St. Louis police officers will be required each month to read and acknowledge a special order reiterating the rights of journalists, reports the city’s Post-Dispatch. The order by interim Police Chief Lawrence O’Toole states that that media must be provided, at a minimum, the same access given to others, but that scene commanders can use their discretion to grant journalists select privileges as long as the officers’ duties and the safety of the public won’t be compromised. Officers are expected to read and acknowledge their understanding of the order on a monthly basis, O’Toole said. The department also will send all officers an advisory asking them to allow journalists to do their jobs and will increase training in dealing with the media.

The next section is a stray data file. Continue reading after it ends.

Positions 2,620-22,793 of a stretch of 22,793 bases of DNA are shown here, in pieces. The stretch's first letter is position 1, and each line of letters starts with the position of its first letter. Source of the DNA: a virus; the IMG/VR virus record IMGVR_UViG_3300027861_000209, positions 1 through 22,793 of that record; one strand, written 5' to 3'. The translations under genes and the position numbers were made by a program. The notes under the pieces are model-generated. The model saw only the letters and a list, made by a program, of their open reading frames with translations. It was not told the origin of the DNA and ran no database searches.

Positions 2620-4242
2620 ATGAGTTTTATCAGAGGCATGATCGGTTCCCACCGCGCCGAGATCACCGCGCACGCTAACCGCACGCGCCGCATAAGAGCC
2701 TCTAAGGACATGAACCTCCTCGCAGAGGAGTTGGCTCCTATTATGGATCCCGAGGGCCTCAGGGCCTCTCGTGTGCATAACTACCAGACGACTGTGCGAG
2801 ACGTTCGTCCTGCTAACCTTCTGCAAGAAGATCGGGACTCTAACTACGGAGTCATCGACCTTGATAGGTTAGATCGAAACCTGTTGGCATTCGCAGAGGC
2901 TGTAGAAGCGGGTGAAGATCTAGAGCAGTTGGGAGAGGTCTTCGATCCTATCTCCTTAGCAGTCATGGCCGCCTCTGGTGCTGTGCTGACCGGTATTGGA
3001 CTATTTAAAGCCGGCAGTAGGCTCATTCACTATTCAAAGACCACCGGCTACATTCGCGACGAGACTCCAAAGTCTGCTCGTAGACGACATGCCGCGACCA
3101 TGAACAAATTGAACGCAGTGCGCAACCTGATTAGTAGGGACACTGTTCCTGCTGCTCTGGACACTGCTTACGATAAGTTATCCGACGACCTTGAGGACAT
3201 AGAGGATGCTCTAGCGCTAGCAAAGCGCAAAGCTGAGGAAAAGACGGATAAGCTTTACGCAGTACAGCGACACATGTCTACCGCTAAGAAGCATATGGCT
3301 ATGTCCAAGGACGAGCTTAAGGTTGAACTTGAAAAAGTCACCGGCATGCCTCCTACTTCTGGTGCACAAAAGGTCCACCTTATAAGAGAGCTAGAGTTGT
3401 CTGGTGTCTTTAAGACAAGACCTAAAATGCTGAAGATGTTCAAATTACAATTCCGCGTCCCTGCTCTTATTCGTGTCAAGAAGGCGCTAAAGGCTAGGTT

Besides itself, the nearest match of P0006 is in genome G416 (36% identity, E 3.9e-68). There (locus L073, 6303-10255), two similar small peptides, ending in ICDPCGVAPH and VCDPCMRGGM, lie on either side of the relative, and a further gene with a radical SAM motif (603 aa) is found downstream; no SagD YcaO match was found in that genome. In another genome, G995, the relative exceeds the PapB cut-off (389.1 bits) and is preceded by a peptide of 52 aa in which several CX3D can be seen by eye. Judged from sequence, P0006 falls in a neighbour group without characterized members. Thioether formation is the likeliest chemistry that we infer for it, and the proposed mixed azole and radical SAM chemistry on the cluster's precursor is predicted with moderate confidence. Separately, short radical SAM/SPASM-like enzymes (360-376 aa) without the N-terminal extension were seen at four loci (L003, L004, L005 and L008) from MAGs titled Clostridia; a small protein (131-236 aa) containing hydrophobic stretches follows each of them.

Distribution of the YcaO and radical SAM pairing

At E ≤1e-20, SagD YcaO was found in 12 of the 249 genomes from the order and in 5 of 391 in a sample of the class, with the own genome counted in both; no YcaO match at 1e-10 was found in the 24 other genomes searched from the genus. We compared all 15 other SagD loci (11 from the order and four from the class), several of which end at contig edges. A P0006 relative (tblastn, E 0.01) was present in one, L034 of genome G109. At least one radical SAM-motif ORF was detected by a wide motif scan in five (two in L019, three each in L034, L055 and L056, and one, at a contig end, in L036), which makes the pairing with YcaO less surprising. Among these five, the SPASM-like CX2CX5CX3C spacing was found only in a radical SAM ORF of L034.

The move stems from an Oct. 26 meeting between Post-Dispatch editors, Mayor Lyda Krewson and O’Toole to discuss police treatment of reporters covering unrest in September after the acquittal of a former city officer in a fatal shooting. Post-Dispatch reporter Mike Faulk was arrested while on assignment at a protest downtown. Faulk was among 100 people swept up when police used a tactic called “kettling” to box them in and arrest them on suspicion of failing to disperse. Attorney Joseph Martineau of the Post-Dispatch said the changes in protocol “serve as recognition that mistakes were made in arresting the journalists.” However, prosecutors say they have not decided whether to charge Faulk.